[quote="Exorcist, post:1, topic:289576"]
Is it considered OK within the Church to pay for spiritual direction? There are a group of women at my parish who have supposedly been trained by "Spiritual Directors International" who often have a notice in the parish bulletin. I suspect that "business is not good." The ad says:
"Companions or Spiritual Directors who have completed a period of formation are available for you. At XYX, we are blessed with people who are willing to walk with you on your faith journey."
I looked at some of the names and they didn't appear to be competent enough to teach RCIA.
We have four priests at my parish and two deacons. Seems like maybe they should be taking this on? At the very least the "formed" laity shouldn't be paying for the "service." Thoughts?
You are concerned that these spiritual director people might not be competent.
Well, you're right. They might not be competent.
Yet, think of this: Thousands of Catholics come to these very Forums and get answers from their fellow lay Catholics. If we are honest, virtually NONE of those giving answers on this Forum are competent to be teachers of the Faith in RCIA, or in a Catholic high school. Yet, this mass incompetence (including my own) doesn't stop people from coming here.
Yet, you raise the issue of payment. I agree with you that the requirement of payment "raises the stakes" and changes the picture.
Even so, one big reality is that there definitely are not enough priests and deacons to provide free, ongoing, in-depth spiritual direction to every Catholic who wants it. Many famous books say that a spiritual director is necessary to make progress. I know Cardinal Bona's book Guidance to Heaven says that, and I think Imitation of Christ by Thomas a Kempis and Introduction to the Devout Life by St. Francis de Sales say that too. And when Catholics go on retreats and Marian conferences they are often advised to get a spiritual director when they go back home. But priests and deacons simply don't have time to do a lot of spiritual direction. Some aren't even sure how to do it, really.
Thus, it has become very common for lay people, and some nuns and monks, to get specific training in spiritual direction and to charge a fee for it. In a sense, they have a professional practice somewhat like a psychological counselor, except that the deal with spiritual matters.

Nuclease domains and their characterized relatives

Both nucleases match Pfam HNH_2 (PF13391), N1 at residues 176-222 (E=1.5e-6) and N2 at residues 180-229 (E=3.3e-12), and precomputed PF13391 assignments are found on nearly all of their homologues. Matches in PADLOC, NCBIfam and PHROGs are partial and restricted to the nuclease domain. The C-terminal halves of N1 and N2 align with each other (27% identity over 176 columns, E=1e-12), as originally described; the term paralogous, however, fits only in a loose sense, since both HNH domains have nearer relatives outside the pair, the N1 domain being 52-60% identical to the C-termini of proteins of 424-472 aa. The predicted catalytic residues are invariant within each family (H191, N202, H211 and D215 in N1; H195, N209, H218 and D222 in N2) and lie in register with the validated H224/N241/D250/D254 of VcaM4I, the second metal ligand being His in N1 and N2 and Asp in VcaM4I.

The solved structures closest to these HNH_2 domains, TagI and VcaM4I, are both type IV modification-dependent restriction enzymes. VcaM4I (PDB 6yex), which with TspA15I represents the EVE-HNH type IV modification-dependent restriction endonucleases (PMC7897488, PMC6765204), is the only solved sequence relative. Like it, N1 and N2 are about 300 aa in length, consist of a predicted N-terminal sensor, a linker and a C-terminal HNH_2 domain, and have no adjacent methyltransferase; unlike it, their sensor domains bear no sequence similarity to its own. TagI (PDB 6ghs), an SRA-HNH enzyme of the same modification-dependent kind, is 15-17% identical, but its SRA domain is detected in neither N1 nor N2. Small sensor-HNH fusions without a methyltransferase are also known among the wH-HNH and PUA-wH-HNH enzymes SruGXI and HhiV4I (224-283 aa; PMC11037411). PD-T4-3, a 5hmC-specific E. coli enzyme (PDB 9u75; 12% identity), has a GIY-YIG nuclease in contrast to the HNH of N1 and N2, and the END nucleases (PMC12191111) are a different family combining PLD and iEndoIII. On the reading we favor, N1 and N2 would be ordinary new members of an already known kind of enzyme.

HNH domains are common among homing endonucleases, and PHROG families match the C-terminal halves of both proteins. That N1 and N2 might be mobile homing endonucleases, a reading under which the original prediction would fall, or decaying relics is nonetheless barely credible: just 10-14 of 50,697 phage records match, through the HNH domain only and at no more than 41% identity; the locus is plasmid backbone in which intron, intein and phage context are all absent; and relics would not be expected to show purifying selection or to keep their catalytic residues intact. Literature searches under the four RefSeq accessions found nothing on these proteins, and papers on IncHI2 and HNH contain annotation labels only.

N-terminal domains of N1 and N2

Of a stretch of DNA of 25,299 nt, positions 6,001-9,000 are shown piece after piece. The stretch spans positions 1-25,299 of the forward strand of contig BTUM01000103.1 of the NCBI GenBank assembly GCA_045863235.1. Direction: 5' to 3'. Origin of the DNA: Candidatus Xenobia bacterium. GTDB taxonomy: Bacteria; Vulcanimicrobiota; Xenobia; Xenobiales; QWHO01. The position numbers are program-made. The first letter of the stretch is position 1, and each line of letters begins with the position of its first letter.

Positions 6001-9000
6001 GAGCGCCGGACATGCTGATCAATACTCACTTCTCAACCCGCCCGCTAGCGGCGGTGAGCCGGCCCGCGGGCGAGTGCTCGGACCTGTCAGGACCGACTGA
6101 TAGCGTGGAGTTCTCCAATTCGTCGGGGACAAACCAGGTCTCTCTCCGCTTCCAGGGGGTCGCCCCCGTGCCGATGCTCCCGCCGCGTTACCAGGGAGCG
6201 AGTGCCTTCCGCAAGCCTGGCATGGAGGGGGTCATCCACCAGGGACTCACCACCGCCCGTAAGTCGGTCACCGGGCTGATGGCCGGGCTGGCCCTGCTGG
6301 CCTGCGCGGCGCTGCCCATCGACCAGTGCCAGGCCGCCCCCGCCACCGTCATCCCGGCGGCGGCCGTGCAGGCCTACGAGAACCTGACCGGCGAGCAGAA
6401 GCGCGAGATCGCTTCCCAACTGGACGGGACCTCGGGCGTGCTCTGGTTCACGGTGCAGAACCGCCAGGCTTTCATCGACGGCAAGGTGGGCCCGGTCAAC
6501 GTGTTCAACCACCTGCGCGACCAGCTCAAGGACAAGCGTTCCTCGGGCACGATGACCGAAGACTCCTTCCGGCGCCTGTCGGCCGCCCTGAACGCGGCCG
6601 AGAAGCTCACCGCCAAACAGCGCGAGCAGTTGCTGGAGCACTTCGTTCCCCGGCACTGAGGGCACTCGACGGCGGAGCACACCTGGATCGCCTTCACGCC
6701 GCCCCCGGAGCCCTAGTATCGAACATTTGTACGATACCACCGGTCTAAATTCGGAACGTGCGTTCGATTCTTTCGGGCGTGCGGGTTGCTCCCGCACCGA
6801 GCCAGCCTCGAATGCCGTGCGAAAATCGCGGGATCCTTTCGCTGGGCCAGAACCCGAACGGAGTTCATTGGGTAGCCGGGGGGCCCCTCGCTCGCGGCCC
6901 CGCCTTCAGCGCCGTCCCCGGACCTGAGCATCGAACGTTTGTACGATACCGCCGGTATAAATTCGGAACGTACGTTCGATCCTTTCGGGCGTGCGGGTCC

The reality is that unless you are someone special, like a seminarian, or a U.S. senator, or niece of a bishop, you probably will not be able to get ongoing spiritual direction (for say, a matter of months or years). That means you'll have to pay for it.
So, you might end up paying for spiritual direction from someone who really isn't qualified, or even from someone who is a dissenter from some or many aspects of the teaching of the Church.
Nevertheless, despite all that, I, despite all my own incompetence to be your adviser, suggest that you try spiritual direction, if you can afford it. You must be feeling bad, or you won't be considering seeking spiritual help.
Even if the personal you are talking to and getting to know and who is getting to know you is kind of amateurish in spiritual matters, and even if they are a left-wing dissenter or right-wing dissenter from genuine Catholic teaching, they still might be helpful to you if they have "people smarts."
But I'd proceed with these guidelines:
(1) Only seek spiritual direction from someone who, upon meeting them, you feel comfortable with, and tend to like and respect. If the person seems weird or extremist, just get pretend that you just remembered that you left your stove on, and get out of their.
(2) Require that they give you a free trial session first. If they won't do that, then move on.
(3) Decide ahead of time how much you can afford for spiritual direction per month. Then, after the spiritual director reveals their fee, if it is more than you can afford per month, tell the person what you can afford, and stick to it. If that isn't enough for them, then move on.
By the way, this organization you mentioned, Spiritual Directors International, was founded by a Catholic nun. Of course, in this day and age, that is no assurance that what it does is approved by the pope or any bishop.